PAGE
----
The World's Unsexiest Business
adding a little sizzle to the convenience store industry
It shouldn't come as much of a surprise that a tremendous number of ideas may never actually become viable cash flow generating businesses because of a 'pesky' (tongue in cheek, of course) perceived barrier to entry: it’s simply too expensive to set up operations. And that’s accounting for the fact that in that particular area, demand may be reasonably high for the goods or services potentially being offered.
In a 2014 research report published by the U.S. Chamber of Commerce Foundation on what they titled ‘Enterprising Cities’, urban centers such as Dallas and St. Louis ranked the highest and therefore the easiest to setup a business. Breaking down their research components, the cost of obtaining construction permits were the highest in Los Angeles and San Francisco coming in at more than 3% of overall construction costs. And on a comparison basis, the costs to obtain construction permits in San Francisco and Los Angeles are about 10 times that of those in Dallas and Raleigh. However, the legal costs of setting up shop (“creating a formal entity”), were the lowest in Los Angeles and San Francisco described as “tak[ing] as few as four procedures and $70.” Maybe it has something to do with legal professional density and proximity. And then moving along the timeline of the evolution of the business, when it came time to enforcing contracts:
“Chicago, Dallas, and Atlanta have low waiting times compared with Detroit, Boston, and New York City, where a business could expect to wait more than a year to settle a dispute.”
But let’s assume that you got to the point where you’re up and running. A seemingly competitive city like Los Angeles (the city I live and grew up in) may appear to be difficult place to run a business, but according to a 2016 KPMG study, it isn’t all that bad. In fact, it’s only .8% more costly to do business there when compared to the entire United States on the whole. On the cheapest end of the spectrum, Atlanta and Miami are the least costly coming in at 4.9% and 4.6% below baseline respectively. While on the other, New York City and Anchorage far surpass the baseline with values off the charts at 4.7% and 8.1% respectively. As a side note, it’s difficult to determine the split between the industries being evaluated, cost of labor (hourly vs. salaried), goods, among other ancillary items.
Big Mac Index
Broadening our geographic focus, let’s now explore something we might be able to better sink our teeth into (that pun is simply unforgivable) -- The Economist Big Mac Index. As of January 2017, The United States is the 6th most expensive place in the world to buy the “two all beef patties, special sauce, lettuce, cheese, pickles on a sesame seed bun.” The most iconic of McDonald’s menu offerings. Surprising? Perhaps you may need to reconsider stateside entrepreneurship altogether. But when countries, more recently fraught with instability on many different fronts, such as Egypt and Ukraine appear at the bottom of the list (cheapest burgers), surely stability should warrant a financial (stability) premium.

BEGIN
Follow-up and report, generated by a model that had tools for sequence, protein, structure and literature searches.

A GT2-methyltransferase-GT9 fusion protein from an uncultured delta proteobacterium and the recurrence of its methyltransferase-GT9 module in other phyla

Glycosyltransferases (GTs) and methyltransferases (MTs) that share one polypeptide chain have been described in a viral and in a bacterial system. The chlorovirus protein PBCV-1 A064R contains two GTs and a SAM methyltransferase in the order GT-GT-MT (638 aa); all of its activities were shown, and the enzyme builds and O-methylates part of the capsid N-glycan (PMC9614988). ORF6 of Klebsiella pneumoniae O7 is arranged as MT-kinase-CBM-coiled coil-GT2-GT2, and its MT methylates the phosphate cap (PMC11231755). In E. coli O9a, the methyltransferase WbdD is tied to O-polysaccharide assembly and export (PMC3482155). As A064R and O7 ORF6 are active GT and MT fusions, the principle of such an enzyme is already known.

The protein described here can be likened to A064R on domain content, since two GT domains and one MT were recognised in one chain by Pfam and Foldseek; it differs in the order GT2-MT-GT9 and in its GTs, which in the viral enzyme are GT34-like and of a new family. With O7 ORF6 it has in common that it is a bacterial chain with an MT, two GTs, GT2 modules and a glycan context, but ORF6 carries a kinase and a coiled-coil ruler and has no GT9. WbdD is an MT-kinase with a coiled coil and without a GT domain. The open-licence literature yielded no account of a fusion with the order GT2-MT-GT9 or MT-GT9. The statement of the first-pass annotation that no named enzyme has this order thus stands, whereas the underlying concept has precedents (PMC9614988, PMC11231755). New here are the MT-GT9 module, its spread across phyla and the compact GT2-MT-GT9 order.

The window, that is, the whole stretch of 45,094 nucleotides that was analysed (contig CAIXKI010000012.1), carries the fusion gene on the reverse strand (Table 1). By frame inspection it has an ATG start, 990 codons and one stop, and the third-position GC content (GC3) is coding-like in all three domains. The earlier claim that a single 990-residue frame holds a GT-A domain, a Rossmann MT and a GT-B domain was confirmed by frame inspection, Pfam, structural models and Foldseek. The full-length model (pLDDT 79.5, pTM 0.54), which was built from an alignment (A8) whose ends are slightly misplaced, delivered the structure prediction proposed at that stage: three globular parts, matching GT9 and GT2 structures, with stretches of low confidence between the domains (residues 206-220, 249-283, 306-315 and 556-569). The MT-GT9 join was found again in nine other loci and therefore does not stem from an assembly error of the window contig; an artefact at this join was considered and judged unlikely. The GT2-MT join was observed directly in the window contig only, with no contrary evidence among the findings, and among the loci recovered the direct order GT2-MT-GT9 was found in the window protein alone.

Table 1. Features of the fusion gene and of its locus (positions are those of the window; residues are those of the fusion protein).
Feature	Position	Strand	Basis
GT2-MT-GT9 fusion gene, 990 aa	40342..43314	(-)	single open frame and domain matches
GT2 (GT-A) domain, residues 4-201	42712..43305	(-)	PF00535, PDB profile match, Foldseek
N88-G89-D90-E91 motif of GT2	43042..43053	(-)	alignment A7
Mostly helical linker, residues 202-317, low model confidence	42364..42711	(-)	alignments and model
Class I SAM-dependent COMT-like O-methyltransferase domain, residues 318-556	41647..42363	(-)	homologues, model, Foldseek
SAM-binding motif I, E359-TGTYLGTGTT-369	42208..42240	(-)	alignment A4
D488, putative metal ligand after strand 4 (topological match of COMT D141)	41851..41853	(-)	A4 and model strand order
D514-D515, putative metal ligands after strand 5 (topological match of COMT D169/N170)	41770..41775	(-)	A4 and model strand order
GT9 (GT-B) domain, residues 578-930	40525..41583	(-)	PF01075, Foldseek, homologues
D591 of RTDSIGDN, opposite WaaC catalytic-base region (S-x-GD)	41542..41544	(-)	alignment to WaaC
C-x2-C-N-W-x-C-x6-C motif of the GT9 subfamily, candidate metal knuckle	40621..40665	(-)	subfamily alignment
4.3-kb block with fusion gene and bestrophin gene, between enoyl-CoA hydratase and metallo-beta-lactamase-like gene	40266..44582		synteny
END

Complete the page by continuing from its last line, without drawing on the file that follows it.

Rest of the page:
Can you believe that in these two countries, the Big Mac was undervalued by more than 50%?
I certainly can’t rule out an aggressive ‘competitive’ pricing structure by a master franchisor or even extremely low supplier costs. And, of course, that generalized ‘linear’ argument is not entirely intended to take away anomalies -- that being from the relative perceived safeness of a country like Taiwan which finds itself oddly wedged between Mexico and Russia.
If you do business in the state of California and have a sizable minimum wage workforce, I’m sure you’re well aware that as of July 1, the state minimum wage increased to $12 for employers with 26 or more employees. But a rather large looming question is it ultimately going to benefit the minimum wage earners? I’m inclined to say maybe with a strong bias towards no. Given my lack of a truly enlightened academic perspective on the issue, I'll leave the nitty-gritty minutiae to a legislators versus labor economists forum.
Speaking to my ‘no’ bias, from a pragmatic entrepreneurial point of view, I will add that in all well purposed idealism, the measure is seeking to narrow the gap between rich and poor by a bottom up approach. I’d also like to make it entirely clear that I personally support any restoration of a middle class.
But that doesn't mean the intended recipients of the bump in pay will see the increase in its entirety. After all, with declining margins in brick and mortar businesses (where a large chunk of minimum wage labor exists), what's the incentive for the business owner to not cut overtime followed by a reduction of wage hours? And then when wage increase become so financially punitive, a last ditch effort comes into play for which eventually the business succumbs to labor force downsizing--ultimately realizing to the perilous fate of a closure. The last step that’s alarming yet largely ignored is a consideration of how purchasing power could plummet as the measure works its way through the greater economy.